Chobani: We have built our business on being authentic and transparent

Finally, Chobani’s use of the term ‘all-natural ingredients’ is also misleading because it uses color additives in its products, even though they are from natural sources, said the complaint.

“21 C.F.R. § 70.3(f) makes clear that ‘where a food substance such as beet juice is deliberately used as a color, as in pink lemonade, it is a color additive’.  Similarly, any coloring or preservative can preclude the use of the term ‘natural’ even if the coloring or preservative is derived from natural sources.”

Chobani vice president corporate communication told FoodNavigator-USA: "We have built our business on being authentic and transparent, and fully stand behind our products.”

2 comments (Comments are now closed)


I would agree. It does not matter if the 'sugar' is natural (what else would it be), sugar is sugar. Be it cane or beet sugar, honey, molasses, juices, corn syrup, etc. If it is in a product, you cannot state 'no sugar added'. The only thing I am aware that you can is a 100% juice or a frozen dairy dessert (ice cream).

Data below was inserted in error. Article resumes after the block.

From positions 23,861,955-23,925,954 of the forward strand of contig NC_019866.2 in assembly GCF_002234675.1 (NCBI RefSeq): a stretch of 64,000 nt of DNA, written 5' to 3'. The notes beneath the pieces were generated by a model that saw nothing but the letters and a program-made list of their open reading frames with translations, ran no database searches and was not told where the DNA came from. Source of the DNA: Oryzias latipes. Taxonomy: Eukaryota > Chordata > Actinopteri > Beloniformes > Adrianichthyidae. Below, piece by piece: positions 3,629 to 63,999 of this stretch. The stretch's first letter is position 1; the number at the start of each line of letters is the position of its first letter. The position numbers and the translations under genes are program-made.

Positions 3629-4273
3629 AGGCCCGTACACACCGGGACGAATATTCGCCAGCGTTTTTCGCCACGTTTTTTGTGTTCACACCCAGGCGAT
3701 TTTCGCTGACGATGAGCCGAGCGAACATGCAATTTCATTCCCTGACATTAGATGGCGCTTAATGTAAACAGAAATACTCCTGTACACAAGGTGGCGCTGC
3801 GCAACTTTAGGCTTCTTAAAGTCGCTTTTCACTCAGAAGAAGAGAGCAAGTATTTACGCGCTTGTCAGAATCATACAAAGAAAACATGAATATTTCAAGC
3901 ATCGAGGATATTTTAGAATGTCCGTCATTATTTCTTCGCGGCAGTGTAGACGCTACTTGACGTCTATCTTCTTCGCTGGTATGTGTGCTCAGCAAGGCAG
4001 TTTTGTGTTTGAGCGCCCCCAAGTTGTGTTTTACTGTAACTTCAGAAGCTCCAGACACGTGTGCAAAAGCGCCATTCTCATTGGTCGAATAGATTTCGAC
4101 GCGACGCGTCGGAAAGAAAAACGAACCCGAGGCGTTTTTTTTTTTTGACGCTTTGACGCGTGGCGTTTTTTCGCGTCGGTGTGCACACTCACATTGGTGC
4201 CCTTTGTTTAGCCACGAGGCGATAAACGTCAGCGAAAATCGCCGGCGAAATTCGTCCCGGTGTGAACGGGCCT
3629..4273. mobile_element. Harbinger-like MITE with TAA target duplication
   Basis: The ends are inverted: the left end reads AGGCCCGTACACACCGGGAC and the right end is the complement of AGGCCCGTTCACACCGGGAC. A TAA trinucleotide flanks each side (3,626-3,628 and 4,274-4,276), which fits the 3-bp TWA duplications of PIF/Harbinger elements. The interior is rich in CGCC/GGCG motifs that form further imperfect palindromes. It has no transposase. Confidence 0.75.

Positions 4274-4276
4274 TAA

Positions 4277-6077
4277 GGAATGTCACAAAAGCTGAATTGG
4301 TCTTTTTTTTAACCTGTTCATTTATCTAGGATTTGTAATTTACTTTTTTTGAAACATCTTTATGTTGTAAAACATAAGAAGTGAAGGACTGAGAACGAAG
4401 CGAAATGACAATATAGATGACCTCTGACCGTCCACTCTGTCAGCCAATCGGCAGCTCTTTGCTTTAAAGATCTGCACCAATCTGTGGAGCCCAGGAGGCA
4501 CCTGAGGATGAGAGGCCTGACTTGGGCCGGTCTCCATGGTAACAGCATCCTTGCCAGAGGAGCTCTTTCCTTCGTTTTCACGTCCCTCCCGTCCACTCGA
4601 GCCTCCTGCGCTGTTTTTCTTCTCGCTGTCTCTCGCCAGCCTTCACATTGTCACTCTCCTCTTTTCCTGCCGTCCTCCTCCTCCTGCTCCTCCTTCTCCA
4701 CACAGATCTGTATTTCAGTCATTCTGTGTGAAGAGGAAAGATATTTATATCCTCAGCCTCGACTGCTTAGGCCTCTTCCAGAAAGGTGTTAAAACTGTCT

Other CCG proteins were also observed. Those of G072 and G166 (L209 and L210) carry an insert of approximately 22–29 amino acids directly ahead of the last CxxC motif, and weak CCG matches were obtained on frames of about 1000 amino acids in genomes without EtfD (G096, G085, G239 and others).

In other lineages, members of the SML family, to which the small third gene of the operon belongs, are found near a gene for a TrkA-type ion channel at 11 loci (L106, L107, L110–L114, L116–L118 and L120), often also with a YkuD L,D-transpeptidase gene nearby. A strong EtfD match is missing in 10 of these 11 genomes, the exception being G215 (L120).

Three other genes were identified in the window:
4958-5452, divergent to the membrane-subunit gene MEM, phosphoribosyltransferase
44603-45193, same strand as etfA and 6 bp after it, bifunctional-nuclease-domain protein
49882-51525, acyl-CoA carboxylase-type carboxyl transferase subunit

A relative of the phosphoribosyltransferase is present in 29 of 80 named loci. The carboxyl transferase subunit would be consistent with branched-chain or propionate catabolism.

This is a very simple labeling regulation in the CFR.
Chobani is very deceptive with the statement.

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Posted by Mike
15 October 2012 | 15h342012-10-15T15:34:00Z

Pretending they didn't know?!

I tweeted with Chobani in 2011 about their added sugar and they tried to debate me, saying it was "natural." We went around and around so I'm even more shocked that they are now (10/12/2012) trying to play damange control on twitter, saying they are trying to work on this because they "don't want to confuse and are trying to clarify." I call B.S. --- they knew they were misleading last year yet made the conscious decision not to address!

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Posted by a misled customer
12 October 2012 | 23h192012-10-12T23:19:38Z